Former Midwest Sales Manager at MaxCyte
Michael has a PhD in Immunology and is a Former Midwest Sales Manager at MaxCyte. He was responsible for selling ATx ExPERT machines to large academic and biopharma customers and driving leads to upsell larger GTx machines for clinical therapies. He managed large customer accounts and understands the technical aspects of the machines and the cuvette selling process. Michael is currently a Sales Manager at Sysmex in the Flow Cytometry division.Read moreView Profile Page
- MXCT customer segmentation
- One element of MXCT's competitive advantage is the quality of the cuvettes.
- 3 structural advantages of MXCT: cuvettes, electroporation protocols, and the knowledge and IP from years of experience.
- FDA MasterFile speeds up the journey to clinic and time is critical to biopharma companies.
- MXCT competitors' don't offer the same scalability from R&D to clinic because MXCT electroporation protocols are saved in FDA MasterFile and easily replicated on a GTx
- The biggest competitive risk to MXCT: viral methods!
- Customer inertia is a potential reason non-viral methods like electroporation will not win market share
- PEI has a longer transfection process relative to electroporation
Discaimer: This interview is for informational purposes only and should not be relied upon as a basis for investment decisions. In Practise is an independent publisher and all opinions expressed by guests are solely their own opinions and do not reflect the opinion of In Practise.
Michael, can you provide some context to your role and responsibilities at MaxCyte?
At MaxCyte I was an account manager for the central portion of the United States. My role was to prospect, work with customers, provide proof of concept and, ultimately, to position the MaxCyte expert platform.
When we look at the customer base, it seems as if they split them up between the research and discovery customers that are using the ATx machines and then the developers with the GTx. How likely is it that we see these research institutions or research and discovery customers actually transition to become an SPL customer?
That was MaxCyte’s initiative, when they hired me. They were looking at the academic institutions as the little starter fires for all of these spin offs. For academic institutions, it’s going to the be larger ones – the Baylors and Dukes of the world – that will look at the ATx and the GTx, ultimately, to get into the clinic.
MaxCyte’s customer base had, essentially, three different prongs. There was the cell therapy, then protein production, which was predominantly the STx platform. It is pretty much the same as the GTx except it doesn’t have the GMP certification. The last one, ironically, is virus production. Instead of using a virus, you could use electroporation to transform cells. But people were using the MaxCyte platform to transform cells, to make a lot of virus, so they could then transform white blood cells. The GTx is a GMP instrument; it can be put into a GMP suite for cell manufacturing. The ATx and the GTx are identical, with the exception of the scalable transfection system that the GTx can do. That can go up to 100 milliliters of cells, I believe.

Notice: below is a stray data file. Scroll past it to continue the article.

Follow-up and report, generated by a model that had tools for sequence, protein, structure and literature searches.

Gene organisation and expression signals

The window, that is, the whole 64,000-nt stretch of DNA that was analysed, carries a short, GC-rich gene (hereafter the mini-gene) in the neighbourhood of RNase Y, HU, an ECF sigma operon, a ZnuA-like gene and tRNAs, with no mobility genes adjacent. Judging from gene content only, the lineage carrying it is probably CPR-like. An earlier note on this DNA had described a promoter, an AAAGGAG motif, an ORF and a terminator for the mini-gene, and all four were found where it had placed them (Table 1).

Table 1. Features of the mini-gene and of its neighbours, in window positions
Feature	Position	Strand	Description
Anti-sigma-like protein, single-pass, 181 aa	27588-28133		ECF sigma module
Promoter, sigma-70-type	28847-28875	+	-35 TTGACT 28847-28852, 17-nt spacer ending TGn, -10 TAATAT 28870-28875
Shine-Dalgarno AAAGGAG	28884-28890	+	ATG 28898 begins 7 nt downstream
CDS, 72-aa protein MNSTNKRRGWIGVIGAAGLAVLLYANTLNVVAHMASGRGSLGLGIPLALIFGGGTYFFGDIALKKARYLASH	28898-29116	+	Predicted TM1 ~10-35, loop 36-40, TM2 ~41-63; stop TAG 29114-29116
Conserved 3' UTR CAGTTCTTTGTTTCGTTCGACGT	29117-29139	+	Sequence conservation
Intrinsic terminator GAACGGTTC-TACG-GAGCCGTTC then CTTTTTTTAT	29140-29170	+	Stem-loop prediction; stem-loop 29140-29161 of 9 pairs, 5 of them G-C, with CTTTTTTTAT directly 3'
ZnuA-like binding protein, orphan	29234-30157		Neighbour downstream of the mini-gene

When we look at the pipeline of potential new SPL customers, where do they really come from? Is it really upselling from the ATx and STx machines or is it a different type of customer?
As I said, the STx was predominantly for protein and virus production. The ATx is used for cell therapy. Where the SPL customers come from are larger academic institutions that are trying to develop their own CAR therapies, that want to go into the clinic at some point. Then there is a whole host of small biotechs, small bio pharmas, that are pursuing CAR therapy, be it T-cells or NK-cells. That is the predominant customer base for the cell-based therapies.
Can we walk through the pitch to a potential SPL customer? If you are walking into the room, how do you communicate the core value proposition of the expert platform?
The ExPERT platform is absolutely fantastic when it comes to transfection efficiency and viability. It is a little bit of a black box in that the competition will sell you an electroporation device and you can go in and change the pulsing in the voltage. MaxCyte has taken that guesswork out for the customer. When we walked into a room and they would tell us what cell type they were trying to transfect and what they were trying to put in there, we had a really good idea, right from the start, how to make it work for them.
It was a team of internal experts, with 20 plus years of experience in the industry and it’s the uniqueness of the platform in that the transfection efficiencies and viabilities were outstanding. We would blow our competition away in that regard.
You would almost customize the machine for each customer?
They tell us the cell that they want, they tell us what they are trying to put in, and we would be able to give them three different experiments to try, knowing pretty well that one of those three is likely going to give a very good result.
The competitors just have a standard machine that the customer can then tweak and change those variables?
Yes; the customer has to do all the optimization on their own. The competition sales reps know how to press buttons and ask the clients what they want to do. There is definitely not nearly as much guidance as what comes from the field application scientist team at MaxCyte.
What is unique about MaxCyte’s technology?
Number one, it’s the consumables. The other electroporation platforms on the market use aluminum coated cuvettes; MaxCyte does not. MaxCyte uses a much more inert metal that is proprietary. A huge differentiator between MaxCyte and the competition is the robustness of the cuvettes.
What is so different about the consumables?
They are made with a different metal.